Major Components of Food Safety Programs for Restaurants, Manufacturers, and Distributors

In the US each year, there are an estimated 76 million cases of foodborne illness resulting in 325,000 hospitalizations and 5,000 deaths, according to the Center for Disease Control. For restaurants, food manufacturers and distributors, food safety should be the highest priority and concern in the business.

Safety Training for California Restaurants Guide

A good food safety program that involves employee education, training, and incentives will keep your business free from bad PR and expensive lawsuits. Plus it can raise employee morale and retention while reducing turnover.

Implementing a program can be an involved and time-consuming process depending on the type of business you run, but is well worth the effort as lawsuits from foodborne illnesses can run into millions of dollars.

What are the components of a good food safety training program?

1. Employees must understand why food safety procedures are important. If they understand the “why” behind the training they are more likely to embrace the program. Preventing illness and death, company profits, staying in business, maintaining reputation, pride in quality, and retaining jobs are all reasons that hit home.

2. Personal hygiene component. It can be embarrassing for an employer and employees to discuss personal hygiene, but this is one of the most important parts of food safety and the most basic. If employees do not follow personal hygiene procedures seriously, there is little hope of them following more complex food safety requirements.

3. Cleaning and Sanitizing. Food safety revolves around cleaning and sanitizing properly and avoiding cross contact with dangerous foods. Your program should focus on the proper techniques for sanitizing equipment and materials. In your training you should cover the proper cleaning of produce and other food stuffs as well as how to disassemble equipment and clean it properly. You should also develop a customized cleaning schedule to make sure it is done on a regular basis.

4. Cross-Contamination. A good food safety training program will emphasize the importance of proper food storage to prevent cross-contamination. Make sure to identify the dangerous foods that may cause allergies or foods prone to carry bacteria. Employees should understand which foods can cause a danger to others and how to keep them safely separated.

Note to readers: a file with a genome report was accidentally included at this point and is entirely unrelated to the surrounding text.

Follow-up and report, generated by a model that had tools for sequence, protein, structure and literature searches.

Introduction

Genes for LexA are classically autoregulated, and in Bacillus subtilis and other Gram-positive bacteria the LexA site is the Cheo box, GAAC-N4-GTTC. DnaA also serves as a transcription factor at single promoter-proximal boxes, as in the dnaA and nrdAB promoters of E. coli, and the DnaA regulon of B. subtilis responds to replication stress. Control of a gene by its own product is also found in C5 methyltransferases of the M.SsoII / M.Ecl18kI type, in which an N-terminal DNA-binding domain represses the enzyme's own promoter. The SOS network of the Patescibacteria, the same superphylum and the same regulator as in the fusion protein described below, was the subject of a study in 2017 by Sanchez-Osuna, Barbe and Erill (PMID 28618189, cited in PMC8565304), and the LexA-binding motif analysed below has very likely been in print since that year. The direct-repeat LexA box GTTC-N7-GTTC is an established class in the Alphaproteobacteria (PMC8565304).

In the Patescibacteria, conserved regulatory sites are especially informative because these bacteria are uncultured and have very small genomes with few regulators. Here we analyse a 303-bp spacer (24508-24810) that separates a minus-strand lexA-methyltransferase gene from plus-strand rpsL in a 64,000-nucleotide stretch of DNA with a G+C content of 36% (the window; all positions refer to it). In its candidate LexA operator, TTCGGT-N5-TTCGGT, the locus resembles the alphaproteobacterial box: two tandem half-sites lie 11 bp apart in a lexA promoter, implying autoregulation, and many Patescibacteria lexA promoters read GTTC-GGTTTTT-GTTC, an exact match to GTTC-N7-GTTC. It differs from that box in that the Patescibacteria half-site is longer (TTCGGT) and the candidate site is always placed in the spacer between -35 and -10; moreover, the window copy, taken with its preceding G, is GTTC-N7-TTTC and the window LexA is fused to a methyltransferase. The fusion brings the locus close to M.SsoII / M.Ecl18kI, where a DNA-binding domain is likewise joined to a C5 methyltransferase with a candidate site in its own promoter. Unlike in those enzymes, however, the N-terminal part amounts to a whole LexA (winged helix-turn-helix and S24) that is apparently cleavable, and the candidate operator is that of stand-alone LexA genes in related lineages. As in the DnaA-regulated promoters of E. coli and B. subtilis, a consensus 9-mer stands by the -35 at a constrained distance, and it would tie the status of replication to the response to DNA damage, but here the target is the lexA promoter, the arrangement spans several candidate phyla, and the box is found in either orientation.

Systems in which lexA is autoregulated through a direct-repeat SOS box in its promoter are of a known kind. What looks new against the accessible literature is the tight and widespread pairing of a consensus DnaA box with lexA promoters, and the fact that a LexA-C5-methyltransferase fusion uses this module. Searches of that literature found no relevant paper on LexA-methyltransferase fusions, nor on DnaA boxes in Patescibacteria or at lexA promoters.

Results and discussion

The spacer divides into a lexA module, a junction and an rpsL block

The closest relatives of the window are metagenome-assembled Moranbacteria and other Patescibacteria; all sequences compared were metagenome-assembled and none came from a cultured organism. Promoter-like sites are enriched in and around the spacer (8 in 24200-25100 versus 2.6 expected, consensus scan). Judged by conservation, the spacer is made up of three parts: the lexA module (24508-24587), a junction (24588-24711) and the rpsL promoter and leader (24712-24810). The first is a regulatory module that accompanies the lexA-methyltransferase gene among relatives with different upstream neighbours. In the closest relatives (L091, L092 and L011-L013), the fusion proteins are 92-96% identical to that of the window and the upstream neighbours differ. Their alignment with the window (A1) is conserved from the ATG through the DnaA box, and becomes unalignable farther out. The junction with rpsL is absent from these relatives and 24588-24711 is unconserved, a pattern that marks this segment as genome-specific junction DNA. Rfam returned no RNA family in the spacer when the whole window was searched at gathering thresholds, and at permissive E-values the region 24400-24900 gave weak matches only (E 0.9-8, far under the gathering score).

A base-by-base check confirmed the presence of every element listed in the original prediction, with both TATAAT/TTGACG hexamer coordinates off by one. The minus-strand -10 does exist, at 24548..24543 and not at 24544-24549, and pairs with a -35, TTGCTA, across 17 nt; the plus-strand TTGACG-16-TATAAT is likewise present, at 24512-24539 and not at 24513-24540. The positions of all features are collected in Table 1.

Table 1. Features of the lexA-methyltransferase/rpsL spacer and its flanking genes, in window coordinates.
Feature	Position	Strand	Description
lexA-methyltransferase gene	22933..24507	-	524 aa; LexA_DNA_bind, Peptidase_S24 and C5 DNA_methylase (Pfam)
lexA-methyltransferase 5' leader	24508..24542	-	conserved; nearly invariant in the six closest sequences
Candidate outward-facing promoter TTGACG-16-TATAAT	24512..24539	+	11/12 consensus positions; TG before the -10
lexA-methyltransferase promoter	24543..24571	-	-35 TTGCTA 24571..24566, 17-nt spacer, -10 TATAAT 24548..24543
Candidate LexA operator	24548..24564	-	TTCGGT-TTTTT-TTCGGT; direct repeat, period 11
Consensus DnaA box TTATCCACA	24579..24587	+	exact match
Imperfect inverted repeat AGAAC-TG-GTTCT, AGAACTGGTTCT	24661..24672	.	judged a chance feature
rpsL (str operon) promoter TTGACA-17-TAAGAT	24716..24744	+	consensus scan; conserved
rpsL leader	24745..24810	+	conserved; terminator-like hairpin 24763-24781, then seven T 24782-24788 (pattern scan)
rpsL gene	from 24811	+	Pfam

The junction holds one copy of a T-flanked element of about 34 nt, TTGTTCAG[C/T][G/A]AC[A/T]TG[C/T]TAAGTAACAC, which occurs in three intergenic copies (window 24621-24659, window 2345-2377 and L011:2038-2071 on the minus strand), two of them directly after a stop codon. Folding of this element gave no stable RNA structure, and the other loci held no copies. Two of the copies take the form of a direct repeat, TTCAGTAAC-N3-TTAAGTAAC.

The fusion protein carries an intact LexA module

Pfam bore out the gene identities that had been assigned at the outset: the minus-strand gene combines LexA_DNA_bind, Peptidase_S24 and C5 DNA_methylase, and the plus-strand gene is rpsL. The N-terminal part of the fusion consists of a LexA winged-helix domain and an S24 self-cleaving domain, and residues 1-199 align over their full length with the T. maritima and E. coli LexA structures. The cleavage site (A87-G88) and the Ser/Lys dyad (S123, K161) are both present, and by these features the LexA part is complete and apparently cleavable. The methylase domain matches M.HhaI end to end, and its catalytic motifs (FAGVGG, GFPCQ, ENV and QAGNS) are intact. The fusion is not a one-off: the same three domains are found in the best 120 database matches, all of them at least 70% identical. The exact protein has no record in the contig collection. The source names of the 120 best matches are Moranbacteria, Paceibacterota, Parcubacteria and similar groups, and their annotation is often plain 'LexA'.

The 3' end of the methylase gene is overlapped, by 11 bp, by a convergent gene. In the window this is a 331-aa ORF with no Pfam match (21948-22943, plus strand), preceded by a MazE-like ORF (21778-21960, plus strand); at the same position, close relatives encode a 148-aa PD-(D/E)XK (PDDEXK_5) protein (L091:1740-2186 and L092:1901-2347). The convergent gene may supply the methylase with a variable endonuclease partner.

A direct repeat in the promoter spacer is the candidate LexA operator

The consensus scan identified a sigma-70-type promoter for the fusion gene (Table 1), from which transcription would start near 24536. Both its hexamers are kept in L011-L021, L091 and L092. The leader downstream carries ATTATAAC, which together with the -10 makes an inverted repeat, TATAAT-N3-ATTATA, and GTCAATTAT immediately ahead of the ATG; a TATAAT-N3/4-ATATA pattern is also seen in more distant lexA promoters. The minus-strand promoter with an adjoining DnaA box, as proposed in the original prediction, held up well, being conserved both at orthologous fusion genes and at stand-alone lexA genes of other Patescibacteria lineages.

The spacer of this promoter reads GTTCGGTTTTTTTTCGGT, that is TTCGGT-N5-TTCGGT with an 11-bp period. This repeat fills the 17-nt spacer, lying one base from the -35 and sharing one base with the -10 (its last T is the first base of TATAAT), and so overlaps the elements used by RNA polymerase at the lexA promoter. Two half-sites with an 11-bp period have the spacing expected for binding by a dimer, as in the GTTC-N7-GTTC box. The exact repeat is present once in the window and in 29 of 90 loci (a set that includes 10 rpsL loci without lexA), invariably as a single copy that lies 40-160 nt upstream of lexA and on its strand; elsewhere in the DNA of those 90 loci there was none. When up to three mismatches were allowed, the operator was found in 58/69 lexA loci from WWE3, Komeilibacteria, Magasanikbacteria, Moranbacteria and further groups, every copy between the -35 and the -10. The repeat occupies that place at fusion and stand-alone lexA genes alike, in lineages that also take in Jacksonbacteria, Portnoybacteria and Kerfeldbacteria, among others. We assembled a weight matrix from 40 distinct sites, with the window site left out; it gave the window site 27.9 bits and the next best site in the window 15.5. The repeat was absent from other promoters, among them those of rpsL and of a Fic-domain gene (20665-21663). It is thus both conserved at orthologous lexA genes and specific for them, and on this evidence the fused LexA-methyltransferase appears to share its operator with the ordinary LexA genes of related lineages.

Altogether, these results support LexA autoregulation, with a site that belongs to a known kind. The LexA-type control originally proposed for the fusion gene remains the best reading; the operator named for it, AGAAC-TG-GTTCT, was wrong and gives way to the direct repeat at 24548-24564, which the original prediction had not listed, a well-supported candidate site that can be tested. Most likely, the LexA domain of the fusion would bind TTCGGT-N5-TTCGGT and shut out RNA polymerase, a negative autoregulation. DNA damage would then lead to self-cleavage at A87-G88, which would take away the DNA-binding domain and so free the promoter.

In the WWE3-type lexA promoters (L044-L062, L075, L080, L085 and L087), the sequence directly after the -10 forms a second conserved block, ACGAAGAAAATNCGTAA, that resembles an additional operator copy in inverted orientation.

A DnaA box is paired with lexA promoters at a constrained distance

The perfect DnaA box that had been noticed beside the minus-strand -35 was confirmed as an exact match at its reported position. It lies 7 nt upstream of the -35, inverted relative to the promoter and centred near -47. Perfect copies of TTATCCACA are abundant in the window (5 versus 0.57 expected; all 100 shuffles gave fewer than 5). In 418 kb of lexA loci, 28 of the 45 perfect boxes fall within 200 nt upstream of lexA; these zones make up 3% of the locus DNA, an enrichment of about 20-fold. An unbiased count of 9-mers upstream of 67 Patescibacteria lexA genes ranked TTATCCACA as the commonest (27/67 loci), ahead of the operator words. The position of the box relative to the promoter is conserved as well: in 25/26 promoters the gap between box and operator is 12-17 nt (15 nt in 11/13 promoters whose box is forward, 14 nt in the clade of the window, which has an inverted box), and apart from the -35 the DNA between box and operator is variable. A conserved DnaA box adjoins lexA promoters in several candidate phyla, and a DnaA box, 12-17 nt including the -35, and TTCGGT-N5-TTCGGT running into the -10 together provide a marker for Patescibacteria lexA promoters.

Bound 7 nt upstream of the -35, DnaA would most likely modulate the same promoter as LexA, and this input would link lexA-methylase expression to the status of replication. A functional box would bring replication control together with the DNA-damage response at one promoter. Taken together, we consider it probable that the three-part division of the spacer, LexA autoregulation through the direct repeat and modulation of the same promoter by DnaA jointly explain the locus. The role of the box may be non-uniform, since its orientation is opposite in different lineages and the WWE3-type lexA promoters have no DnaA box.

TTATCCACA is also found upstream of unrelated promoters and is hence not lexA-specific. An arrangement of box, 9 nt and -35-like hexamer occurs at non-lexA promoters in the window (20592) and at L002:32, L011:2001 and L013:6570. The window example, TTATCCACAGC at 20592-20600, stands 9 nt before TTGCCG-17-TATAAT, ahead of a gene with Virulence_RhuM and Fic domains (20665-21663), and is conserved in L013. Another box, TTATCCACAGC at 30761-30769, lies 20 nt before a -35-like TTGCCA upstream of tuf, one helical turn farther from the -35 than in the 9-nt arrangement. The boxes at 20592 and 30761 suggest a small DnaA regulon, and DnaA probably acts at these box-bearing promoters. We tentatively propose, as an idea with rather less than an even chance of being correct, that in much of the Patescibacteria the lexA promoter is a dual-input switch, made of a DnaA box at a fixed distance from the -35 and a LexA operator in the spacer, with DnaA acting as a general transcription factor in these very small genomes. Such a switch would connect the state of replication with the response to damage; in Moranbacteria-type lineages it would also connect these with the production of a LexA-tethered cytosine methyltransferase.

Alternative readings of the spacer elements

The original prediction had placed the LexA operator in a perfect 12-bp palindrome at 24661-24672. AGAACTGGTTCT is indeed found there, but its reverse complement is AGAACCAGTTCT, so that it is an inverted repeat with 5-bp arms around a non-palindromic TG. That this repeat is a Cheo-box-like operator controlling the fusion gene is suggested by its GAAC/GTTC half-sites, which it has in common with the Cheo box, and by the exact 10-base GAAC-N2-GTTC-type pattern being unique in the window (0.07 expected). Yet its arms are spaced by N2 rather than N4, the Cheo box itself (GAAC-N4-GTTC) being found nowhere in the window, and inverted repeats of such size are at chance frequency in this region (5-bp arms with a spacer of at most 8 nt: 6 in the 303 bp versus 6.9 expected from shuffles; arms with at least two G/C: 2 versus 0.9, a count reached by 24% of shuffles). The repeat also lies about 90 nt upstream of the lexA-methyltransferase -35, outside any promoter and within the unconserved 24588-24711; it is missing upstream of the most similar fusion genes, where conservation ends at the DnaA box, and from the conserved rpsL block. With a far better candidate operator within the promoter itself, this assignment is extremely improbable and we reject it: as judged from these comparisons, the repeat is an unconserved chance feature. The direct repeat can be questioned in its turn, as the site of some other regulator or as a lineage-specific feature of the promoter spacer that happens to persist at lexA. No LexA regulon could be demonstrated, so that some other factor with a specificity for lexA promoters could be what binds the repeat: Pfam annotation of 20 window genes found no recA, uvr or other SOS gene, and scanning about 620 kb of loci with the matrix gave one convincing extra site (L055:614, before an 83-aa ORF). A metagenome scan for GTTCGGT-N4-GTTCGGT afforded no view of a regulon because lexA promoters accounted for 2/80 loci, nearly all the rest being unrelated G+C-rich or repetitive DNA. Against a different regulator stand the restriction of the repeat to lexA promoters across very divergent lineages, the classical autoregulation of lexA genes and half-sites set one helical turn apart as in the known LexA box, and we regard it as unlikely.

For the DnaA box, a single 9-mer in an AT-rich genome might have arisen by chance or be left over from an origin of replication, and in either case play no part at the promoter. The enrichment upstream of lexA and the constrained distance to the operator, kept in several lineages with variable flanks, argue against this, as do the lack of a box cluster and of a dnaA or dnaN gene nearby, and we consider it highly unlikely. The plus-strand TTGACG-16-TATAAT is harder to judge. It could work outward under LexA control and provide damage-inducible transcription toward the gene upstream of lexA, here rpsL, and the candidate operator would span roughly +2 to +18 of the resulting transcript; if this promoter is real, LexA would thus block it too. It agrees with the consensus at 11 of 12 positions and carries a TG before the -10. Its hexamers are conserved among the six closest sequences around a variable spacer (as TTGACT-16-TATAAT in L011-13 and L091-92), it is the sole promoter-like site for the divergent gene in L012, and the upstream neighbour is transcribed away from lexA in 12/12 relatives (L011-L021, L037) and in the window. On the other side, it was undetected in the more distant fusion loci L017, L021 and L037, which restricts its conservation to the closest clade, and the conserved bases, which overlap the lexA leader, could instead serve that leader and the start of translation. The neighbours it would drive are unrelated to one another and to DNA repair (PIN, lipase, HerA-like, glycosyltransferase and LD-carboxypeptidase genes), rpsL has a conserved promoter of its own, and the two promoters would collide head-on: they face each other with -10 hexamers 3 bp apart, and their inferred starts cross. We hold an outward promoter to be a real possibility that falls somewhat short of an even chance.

Prevent Foodborne Illness, Cross-Contamination and Lawsuits

5. Food Storage. components of food safety programsDevelop a system to rotate stock and use older stock first. Label and mark all shipments with date, time, and supplier. Your employees should understand and adhere to the procedures to ensure foods do not become spoiled. If food does become spoiled, employees should know how to handle it. Also, if there is a recall, they should be able to quickly identify the problem item based on the system you develop.

6. Pest Control and Toxic Chemicals. You need to keep your business rodent and pest free, but also be aware of what chemicals are being used at the same time. Your food safety training program should include proper cleanup and garbage removal procedures as well as how to handle, store and apply chemicals. The last think you want is for toxic chemicals to find a way into your food!

7. Food Temperatures. All employees must know the proper temperatures prepare, store, and thaw foods to prevent harmful bacteria growth. They should memorize the danger zone and the understand how reheating and cooling food can be dangerous. They should also know the proper way to use a thermometer to check food temperatures.

8. Emergency Situations. While it is impossible to foresee and prepare for every possible emergency, consider the most likely problems and train employees how to handle them. What would happen if a sewer backed up? If refrigeration failed? If pest control chemicals spilled into a vat while there was a huge order being prepared under a tight deadline? If a shipment was rotten or contaminated and there was no other supplier? By using what if scenarios and asking your employees how they would react, you are preparing them to think properly in the event of an emergency. It can also help you identify possible leadership. Always stress food safety as a result of their emergency actions.

If you have a food business in California and would like a copy of our food safety checklist, contact Invensure at (800) 331-4700. We insure food businesses and help implement safety and OSHA compliance measures in order to reduce liability and control the cost of risk.